Features : Europe Switches to US-Style Disclosure Rules
Greater disclosure prompted by a new EU regulation should lower investors’ risk and heighten their confidence.


feart03aThe European Commission has, after several years of negotiations and various incarnations, finally adopted a directive on minimum transparency requirements for listed companies.

The European Transparency Directive is the fourth and final step in the Financial Services Action Plan (FSAP), which also encompasses the Market Abuse Directive, The Prospectus Directive and the adoption of International Accounting Standards (IAS).

Under the directive, shareholders and the public will have access to the sort of information that those in the United States and United Kingdom have taken for granted for many years. The powers that be at the European Union hope the directive will create a new financial reporting regime, which will strengthen investor confidence in both the companies and EU regulated markets as a whole.

The directive applies to all issuers whose securities—equity or debt—are listed on an EU-regulated market. It will apply equally to non-European corporations that currently have a listing on any European bourse. It was officially ratified in December 2004, and all companies affected have a maximum of two years to implement the recommendations.

The implications of the new rules are far-reaching and have a decidedly American ring to them. All securities issuers must provide annual financial reports, which must give a “true and fair view” of assets, liabilities, financial position, and profit and loss. The report must be produced in accordance with International Financial Reporting Standards or equivalent and be audited to International Auditing Standards. The reports must be filed to the issuer’s home member state no more than four months after the company’s official financial year-end. Those issuers that do not already do so must provide semi-annual financial statements and quarterly management reports. The semi-annuals should contain statements relating to risk assessments and major related-party transactions.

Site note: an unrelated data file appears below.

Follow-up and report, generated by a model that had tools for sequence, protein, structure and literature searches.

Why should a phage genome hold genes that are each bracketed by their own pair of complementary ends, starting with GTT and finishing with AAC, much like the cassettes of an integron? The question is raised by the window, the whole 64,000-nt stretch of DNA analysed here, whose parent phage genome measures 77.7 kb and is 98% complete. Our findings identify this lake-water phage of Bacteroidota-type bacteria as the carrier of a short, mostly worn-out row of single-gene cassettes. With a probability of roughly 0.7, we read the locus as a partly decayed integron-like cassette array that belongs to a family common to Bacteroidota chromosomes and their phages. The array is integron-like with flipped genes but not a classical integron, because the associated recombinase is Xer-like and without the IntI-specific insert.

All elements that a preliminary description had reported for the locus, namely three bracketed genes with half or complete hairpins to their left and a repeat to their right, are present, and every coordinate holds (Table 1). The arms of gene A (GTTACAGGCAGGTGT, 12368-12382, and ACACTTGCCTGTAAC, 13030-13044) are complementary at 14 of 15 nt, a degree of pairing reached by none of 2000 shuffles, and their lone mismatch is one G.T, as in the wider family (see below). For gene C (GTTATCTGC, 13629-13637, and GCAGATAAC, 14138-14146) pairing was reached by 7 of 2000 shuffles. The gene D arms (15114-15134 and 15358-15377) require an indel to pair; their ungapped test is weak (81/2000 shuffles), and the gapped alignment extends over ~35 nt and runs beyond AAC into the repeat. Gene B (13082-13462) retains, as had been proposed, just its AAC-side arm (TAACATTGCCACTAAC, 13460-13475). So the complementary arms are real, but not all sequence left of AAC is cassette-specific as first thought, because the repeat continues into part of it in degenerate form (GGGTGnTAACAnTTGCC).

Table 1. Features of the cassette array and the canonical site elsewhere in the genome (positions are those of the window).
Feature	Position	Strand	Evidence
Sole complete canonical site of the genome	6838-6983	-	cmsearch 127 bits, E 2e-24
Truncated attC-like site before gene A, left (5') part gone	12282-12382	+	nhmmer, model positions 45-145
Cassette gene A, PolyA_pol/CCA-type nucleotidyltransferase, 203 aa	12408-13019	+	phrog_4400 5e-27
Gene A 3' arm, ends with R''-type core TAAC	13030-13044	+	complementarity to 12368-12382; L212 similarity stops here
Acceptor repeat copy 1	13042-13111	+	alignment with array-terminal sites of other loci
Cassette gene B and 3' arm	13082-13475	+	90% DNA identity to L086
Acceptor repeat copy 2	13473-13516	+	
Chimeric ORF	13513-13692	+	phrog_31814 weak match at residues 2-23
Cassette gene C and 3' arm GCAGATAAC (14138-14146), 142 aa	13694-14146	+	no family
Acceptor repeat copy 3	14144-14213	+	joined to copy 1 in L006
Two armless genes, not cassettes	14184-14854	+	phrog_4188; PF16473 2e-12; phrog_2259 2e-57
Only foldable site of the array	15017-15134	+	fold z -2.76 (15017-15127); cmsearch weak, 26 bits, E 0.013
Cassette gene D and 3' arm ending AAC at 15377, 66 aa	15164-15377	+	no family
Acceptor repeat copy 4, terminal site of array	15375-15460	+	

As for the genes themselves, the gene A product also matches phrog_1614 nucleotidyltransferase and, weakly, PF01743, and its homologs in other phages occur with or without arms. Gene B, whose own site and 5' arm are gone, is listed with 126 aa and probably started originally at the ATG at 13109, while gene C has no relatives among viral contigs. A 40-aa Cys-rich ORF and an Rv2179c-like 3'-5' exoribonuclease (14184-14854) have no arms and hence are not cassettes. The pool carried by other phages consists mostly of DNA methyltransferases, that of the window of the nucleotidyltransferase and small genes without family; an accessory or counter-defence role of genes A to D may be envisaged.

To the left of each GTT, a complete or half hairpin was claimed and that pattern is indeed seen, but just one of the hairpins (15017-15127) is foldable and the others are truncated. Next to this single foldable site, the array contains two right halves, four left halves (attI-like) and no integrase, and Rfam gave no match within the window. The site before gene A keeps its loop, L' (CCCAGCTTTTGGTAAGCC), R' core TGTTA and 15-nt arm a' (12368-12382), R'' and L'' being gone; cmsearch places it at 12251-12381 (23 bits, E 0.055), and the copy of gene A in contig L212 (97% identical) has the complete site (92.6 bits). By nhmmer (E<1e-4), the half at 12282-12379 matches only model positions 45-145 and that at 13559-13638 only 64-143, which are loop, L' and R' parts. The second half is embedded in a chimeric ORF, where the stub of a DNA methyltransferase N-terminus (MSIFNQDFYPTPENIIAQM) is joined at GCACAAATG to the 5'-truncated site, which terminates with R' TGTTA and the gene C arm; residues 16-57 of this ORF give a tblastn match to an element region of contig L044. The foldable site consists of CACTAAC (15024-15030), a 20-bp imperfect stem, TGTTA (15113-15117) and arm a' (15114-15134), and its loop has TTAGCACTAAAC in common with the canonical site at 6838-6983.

While companies may be quaking at the prospect of exposing themselves to such scrutiny, analysts and investor groups have voiced broad approval. Nick Bradley, European practice leader for corporate governance at Standard & Poor’s, says, “Overall we believe that the adoption of the directive is beneficial and will assist in the understanding of companies and markets operating within the EU.”

Bradley points out, however, that the information will be of limited use unless it is widely available. “Just as important as the quantity and quality of disclosure is the access to it,” he says. “Standardization of accessibility is just as vital, as shareholders and other interested parties need to be able to find and analyze the data in a timely fashion.” His concerns are justified, as the directive does not specifically address this issue. All information must be disclosed but only with the various national bodies, some of which offer varying degrees of access to information.

Perhaps unsurprisingly, many corporations are against the new requirements and have actively resisted their adoption. Many firms have been particularly vocal with their concerns that compliance with IAS, combined with the new disclosure requirements, will result in significant financial costs, extra workload and unfair deadlines. In a report released in 2004, summarizing the effects of the directive, the UK law firm Linklaters concluded that “the measures could significantly increase compliance costs for both EU and non-EU issuers of equity and debt securities.”